If you’ve been following me for any amount of time, you know that a lot of my crochet designs are clothing. I love to design sweaters and tops for both adults and children! But with a more complicated crochet project, like a sweater, comes a lot of questions and concerns. Mostly about fit and how to get it to fit your shape and size correctly. So I’ve decided to write this blog post to show you how you can take one of my garment patterns and create a crocheted piece of clothing that not only fits you, but fits you great!

Preparation

Crocheting a piece of clothing like a sweater takes a little more preparation than something small like a hat or a scarf. Here are some tips for preparing for your project.

  1. Choose the yarn called for in the pattern or a comparable yarn. At the very least, stay within the yarn weight that the pattern calls for. You will not get the same fit and look if you use a DK weight yarn if the pattern calls for Bulky yarn and vice versa.        
  2. Make sure you have the amount of yarn you need. I always get more than the amount needed for my size, just to be on the safe side so I don’t run out mid-project.
  3. Get measurements. If you are making the clothing for yourself, it’s a little easier because you can try it on as you go. But if you are making the piece for someone else, it’s very important to take their measurements for a good fit.
  4. ALWAYS check your gauge and match your hook size appropriately. Gauge is very important to check when working on a crochet clothing project.

Making Sizing Adjustments As You Crochet

Most of my patterns have multiple sizes for you to make, but what if you are slightly in between sizes, would like just a little bit more ease, or would like it a little tighter? There are ways to easily adjust the fit just slightly so that the garment can fit you exactly how you want it!

To adjust width: Go up a hook size or two (from the hook you met gauge with) if you’d just like a little more ease in your top. Go down a hook size or two for a slightly tighter fit.

If you are right in between sizes, I suggest going up a size, rather than down to the smaller size.

To adjust length: Almost all of my patterns are super easy to adjust the length. You can just do more or less rounds to make your garment longer or shorter. This same trick can also be applied for sleeves.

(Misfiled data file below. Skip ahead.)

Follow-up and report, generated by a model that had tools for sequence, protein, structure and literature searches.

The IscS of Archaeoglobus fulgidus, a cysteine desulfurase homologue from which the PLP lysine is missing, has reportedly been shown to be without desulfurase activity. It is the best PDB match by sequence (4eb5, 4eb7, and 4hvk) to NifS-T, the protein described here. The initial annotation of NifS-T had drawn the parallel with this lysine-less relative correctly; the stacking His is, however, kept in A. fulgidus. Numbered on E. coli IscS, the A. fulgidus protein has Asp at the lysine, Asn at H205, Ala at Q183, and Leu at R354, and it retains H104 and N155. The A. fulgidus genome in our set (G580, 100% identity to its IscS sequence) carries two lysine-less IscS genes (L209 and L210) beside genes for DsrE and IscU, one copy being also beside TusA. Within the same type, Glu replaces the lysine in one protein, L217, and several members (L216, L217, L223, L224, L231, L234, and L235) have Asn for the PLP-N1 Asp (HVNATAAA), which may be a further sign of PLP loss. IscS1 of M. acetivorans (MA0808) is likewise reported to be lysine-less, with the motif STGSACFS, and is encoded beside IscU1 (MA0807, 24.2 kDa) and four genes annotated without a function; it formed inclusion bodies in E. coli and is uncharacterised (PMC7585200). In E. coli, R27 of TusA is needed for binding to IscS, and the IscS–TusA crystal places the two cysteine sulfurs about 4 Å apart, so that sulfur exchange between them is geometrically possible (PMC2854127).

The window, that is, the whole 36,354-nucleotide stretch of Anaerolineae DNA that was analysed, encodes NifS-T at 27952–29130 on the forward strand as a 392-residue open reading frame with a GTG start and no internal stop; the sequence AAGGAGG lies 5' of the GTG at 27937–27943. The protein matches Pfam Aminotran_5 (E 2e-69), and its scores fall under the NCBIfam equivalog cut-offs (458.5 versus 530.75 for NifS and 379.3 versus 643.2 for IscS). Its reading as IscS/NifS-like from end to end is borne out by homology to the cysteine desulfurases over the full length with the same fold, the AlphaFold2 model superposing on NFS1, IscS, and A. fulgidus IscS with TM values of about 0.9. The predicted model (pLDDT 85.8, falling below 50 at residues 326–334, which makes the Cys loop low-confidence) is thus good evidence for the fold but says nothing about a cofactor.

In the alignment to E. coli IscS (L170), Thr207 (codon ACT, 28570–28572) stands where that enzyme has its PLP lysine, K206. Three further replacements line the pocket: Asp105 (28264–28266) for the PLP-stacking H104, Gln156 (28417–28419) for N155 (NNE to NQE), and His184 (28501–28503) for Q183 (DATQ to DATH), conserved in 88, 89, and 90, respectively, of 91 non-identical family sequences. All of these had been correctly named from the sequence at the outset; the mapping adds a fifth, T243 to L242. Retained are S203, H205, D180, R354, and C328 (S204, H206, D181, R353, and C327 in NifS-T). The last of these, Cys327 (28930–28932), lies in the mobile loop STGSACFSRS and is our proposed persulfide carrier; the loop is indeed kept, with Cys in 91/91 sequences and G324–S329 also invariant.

Neckline: If the pattern calls for chainless foundation single crochet (fsc) to start, but your tension is pretty loose for this stitch, you may want to just chain, join, and sc in each stitch around. This will make it less stretchy and loose around the neck. Or if it’s the opposite and it calls for a starting chain, but you want it to fit looser and be stretchier around the neck, fsc is a great option. If you just want a slight change in the neckline, going up or down a hook size will also help with this. Just remember, the weight of your sleeves, once added, will pull the neckline out just slightly.

Armholes: If the armholes come up too high and feel tight in your armpits, add a few more rounds of the last round you did (no increases) before going to the round that creates the armhole. This will cause the armhole to
sit lower and not be so tight around your underarms.

Sleeves: An easy fix for a slightly looser or tighter fit in the sleeves is, once again, going up or down a hook size. If the sleeves are very tight or very loose, try working the counts for the next size up or down. Also, if the sleeve tapers, and you would like it not to, just leave out any decreases throughout the sleeve. Or if you’d like it to taper more, do another round or two of decreases throughout the sleeve.

Bottom up garments: Most adjustments work the same way for a bottom up garment, but there are a few changes that you would have to make differently. If the armholes feel too small or too high in your underarm, just make your front and back panels longer before joining. For the neckline, if you’d like a looser fit, work less stitches when stitching your two panels together.

I hope these tips are helpful to you as you tackle a crocheted clothing project! If you’re more of a visual learner, here’s  a link to a live Facebook video I did explaining the exact same adjustments: https://www.facebook.com/TwoBrothersBlankets/videos/702587433245799/

And as always, please feel free to contact me at any time if you have trouble or questions with one of my patterns!

Pattern in photos: Savannah Sweater